Cardinal George Pell will return to Rome on Monday for the first time since 2017 when he was accused of child sexual abuse charges.
A spokeswoman for the Archdiocese of Sydney confirmed Cardinal Pell will fly out of Sydney on Monday, but the purpose and duration of the visit is not known.
Cardinal Pell was leading the Secretariat of State, set up to reform the Vatican’s finances, when he took a leave of absence in 2017 to face charges of child sexual abuse.
The 79-year-old was convicted of sexually abusing two choir boys in the 1990s and was sentenced to six years in prison.
He had served 13 months of his sentence when his conviction was overturned by the High Court in April.
He has been living in Sydney since his release.
Christopher Lamb is the Rome correspondent for Catholic news publication The Tablet and said all eyes would be on Cardinal Pell as he arrived in Rome.
“The Cardinal has a number of supporters in Rome and some very loyal followers,” Lamb said.
“There will be a number of them who will be delighted to see him return – they always were very sceptical of the charges that were brought against him.
“However there will be others who will be concerned about the optics of a return by Cardinal Pell to Rome and the Vatican … particularly if the cardinal has a meeting, an audience, with Pope Francis.”
Vatican correspondent Joshua McElwee, from US newspaper the National Catholic Reporter, said Cardinal Pell was no longer employed by the Vatican and the reason for his visit was not clear.
“At the moment he has no official role here,” McElwee said.
“Very likely he’s coming to put his affairs in order. I imagine he still has personal items here, things to bring home, perhaps an apartment to clean up.
“I don’t know what else he would be doing other than those kind of things.”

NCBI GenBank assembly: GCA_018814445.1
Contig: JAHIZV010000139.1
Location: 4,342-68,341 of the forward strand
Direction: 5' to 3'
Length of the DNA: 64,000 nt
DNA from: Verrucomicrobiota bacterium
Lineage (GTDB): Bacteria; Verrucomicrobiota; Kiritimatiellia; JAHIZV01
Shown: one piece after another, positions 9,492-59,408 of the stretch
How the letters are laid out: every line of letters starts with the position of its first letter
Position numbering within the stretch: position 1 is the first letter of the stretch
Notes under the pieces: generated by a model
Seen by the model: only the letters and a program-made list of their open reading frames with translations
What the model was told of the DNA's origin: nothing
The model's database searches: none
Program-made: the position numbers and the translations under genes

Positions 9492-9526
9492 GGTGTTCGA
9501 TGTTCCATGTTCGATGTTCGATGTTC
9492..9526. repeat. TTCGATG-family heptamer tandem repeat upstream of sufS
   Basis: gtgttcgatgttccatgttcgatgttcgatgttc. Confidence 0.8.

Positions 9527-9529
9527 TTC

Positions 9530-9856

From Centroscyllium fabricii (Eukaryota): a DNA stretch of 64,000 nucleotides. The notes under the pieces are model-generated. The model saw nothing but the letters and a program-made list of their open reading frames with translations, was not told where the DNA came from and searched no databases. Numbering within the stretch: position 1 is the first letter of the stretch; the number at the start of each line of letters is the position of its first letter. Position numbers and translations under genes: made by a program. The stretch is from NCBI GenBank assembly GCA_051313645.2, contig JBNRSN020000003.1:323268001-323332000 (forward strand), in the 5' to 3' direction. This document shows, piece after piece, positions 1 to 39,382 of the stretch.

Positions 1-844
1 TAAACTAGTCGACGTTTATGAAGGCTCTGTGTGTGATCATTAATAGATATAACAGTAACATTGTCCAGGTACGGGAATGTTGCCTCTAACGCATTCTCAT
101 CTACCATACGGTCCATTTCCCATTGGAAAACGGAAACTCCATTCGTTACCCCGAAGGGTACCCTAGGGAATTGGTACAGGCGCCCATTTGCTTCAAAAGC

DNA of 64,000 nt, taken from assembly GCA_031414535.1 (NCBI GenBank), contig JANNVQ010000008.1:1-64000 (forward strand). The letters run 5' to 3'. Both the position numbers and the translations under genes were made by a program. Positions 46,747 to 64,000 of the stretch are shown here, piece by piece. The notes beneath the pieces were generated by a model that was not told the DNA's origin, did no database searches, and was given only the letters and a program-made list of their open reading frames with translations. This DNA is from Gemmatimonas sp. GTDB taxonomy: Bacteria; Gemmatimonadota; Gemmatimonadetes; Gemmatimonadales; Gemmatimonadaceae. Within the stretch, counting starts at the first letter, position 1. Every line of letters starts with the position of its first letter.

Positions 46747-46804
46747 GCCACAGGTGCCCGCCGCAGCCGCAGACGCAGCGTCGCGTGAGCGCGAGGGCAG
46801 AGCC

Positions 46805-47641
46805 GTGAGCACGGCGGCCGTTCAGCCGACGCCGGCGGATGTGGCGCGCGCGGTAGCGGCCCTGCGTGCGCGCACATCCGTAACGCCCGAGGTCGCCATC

Uncertain times for the Vatican
Cardinal Pell’s return to Rome comes just days after the resignation of Cardinal Angelo Becciu who has been implicated in allegations of financial misconduct at the Vatican.
Cardinal Becciu previously worked in the Vatican’s Secretariat of State where he reportedly clashed with Cardinal Pell over reform of the Vatican’s finances.
But McElwee said it was not clear whether Cardinal Pell’s visit was connected to Cardinal Becciu’s resignation on Saturday.
“It’s known that Cardinal Pell and Cardinal Becciu butted horns when Cardinal Pell was in Rome,” McElwee said.
“Becciu apparently was involved in some kind of alleged financial misdeeds and Pell has said that he raised issues about those at the time.
“It could be that Cardinal Pell is taking a victory lap here in Rome, but I don’t think it’s going to be more than a short visit.”
Lamb said Cardinal Pell’s visit coincided with a period of uncertainty in Pope Francis’s pontificate, with many speculating Cardinal Pell could be seeking to influence the outcome of a future conclave to decide the next Pope.
“Cardinal Pell is not someone who is openly disloyal to Pope Francis and has worked for Pope Francis,” Lamb said.
“But it is no secret that he has a different vision of the Church to the Pope and I suppose some people will be looking to see whether the Cardinal is involved in any pre-conclave manoeuvres, given we are almost eight years into Pope Francis’s pontificate.
“There is a battle going on and the Cardinal is certainly seen by those who don’t like Francis as someone who is an ally.”